Hypertension, higher BMI, personal history of CVD, diabetes, dyslipidemia, and physical activity were associated with AF in the bivariate analysis, which was expected as they are known risk factors for AF [1, 12, 32, 33]. Higher creatinine and pro-BNP levels were also associated with AF. However, these associations were no longer significant in the multivariable analysis. Our sample size for the multivariable analysis was smaller than for the bivariate analysis (n = 2421 participants) and therefore could explain the reduced statistical power. The trends of the OR still confirm the results previously published [1, 12, 32, 33]. Furthermore, according to the European Society of Cardiology guidelines, the accumulation of these comorbidities plays a major role in the development of AF [12]. Thus, early intervention and better control of modifiable risk factors should decrease the incidence of AF, but further studies are needed to confirm this.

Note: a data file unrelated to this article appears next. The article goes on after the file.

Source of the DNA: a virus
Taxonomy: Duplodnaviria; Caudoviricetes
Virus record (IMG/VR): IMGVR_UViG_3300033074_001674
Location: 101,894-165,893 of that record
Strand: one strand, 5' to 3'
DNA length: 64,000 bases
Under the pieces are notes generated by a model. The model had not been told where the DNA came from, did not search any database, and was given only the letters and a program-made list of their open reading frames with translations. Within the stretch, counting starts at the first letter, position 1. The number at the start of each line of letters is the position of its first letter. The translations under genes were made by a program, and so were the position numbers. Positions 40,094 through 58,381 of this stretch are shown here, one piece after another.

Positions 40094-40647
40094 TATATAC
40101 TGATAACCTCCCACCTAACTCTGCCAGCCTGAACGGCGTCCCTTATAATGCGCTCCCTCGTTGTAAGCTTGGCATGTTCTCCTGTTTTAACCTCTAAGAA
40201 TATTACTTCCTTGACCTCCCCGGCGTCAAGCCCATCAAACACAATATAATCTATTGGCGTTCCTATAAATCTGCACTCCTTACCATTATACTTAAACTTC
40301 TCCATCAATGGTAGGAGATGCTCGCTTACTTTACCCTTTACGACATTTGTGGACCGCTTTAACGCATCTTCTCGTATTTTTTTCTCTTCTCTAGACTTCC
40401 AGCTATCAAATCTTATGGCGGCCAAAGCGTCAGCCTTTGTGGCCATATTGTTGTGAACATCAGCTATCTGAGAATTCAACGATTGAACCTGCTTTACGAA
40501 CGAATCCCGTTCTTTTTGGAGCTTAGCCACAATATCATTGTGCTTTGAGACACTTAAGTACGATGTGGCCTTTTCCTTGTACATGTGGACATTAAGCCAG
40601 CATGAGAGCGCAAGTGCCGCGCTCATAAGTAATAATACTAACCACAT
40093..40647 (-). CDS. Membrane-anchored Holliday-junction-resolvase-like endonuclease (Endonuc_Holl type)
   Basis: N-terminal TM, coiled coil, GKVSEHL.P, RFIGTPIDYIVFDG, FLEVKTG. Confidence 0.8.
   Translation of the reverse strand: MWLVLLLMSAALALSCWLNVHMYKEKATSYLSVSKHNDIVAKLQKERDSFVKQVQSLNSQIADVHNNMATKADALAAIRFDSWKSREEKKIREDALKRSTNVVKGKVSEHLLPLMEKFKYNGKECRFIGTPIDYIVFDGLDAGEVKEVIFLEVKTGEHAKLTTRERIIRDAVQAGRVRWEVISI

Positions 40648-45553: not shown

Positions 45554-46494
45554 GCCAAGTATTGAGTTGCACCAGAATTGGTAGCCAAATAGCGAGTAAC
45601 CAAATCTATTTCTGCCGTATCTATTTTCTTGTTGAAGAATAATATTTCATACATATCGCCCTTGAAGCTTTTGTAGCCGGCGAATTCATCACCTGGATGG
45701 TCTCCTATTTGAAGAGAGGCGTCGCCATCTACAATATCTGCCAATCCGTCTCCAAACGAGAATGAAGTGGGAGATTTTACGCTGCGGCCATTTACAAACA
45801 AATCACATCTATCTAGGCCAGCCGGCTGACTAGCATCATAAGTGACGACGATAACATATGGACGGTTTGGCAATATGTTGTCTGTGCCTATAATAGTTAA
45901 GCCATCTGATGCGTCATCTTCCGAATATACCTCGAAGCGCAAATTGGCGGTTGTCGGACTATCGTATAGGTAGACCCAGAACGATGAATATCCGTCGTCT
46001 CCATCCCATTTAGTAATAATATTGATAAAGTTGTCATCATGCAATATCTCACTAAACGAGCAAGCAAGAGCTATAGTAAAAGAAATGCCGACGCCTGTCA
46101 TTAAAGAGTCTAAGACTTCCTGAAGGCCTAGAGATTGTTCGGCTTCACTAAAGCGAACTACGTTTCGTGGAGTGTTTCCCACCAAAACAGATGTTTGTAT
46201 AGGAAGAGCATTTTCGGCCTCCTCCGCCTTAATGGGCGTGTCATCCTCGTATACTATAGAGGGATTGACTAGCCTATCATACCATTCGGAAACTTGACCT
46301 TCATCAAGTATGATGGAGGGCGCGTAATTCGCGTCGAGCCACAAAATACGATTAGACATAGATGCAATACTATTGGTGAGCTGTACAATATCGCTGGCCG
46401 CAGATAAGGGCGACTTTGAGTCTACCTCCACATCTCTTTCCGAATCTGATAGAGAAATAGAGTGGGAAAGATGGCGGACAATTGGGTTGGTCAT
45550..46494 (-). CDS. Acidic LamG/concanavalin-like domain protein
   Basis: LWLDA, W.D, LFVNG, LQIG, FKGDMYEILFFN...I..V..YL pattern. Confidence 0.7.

No association was found between alcohol drinking and AF. An explanation is the relatively low level of alcohol consumption in our study (median of 7.5 units/week among AF cases), as AF is mostly associated with high levels of alcohol consumption (> 21 units/week; [34]).

No association was found between OSA and AF. For a sizable number of participants there were no data for the Berlin Questionnaire and the statistical power was therefore reduced. The link between OSA and AF should be examined better, using a larger number of patients with polysomnography data.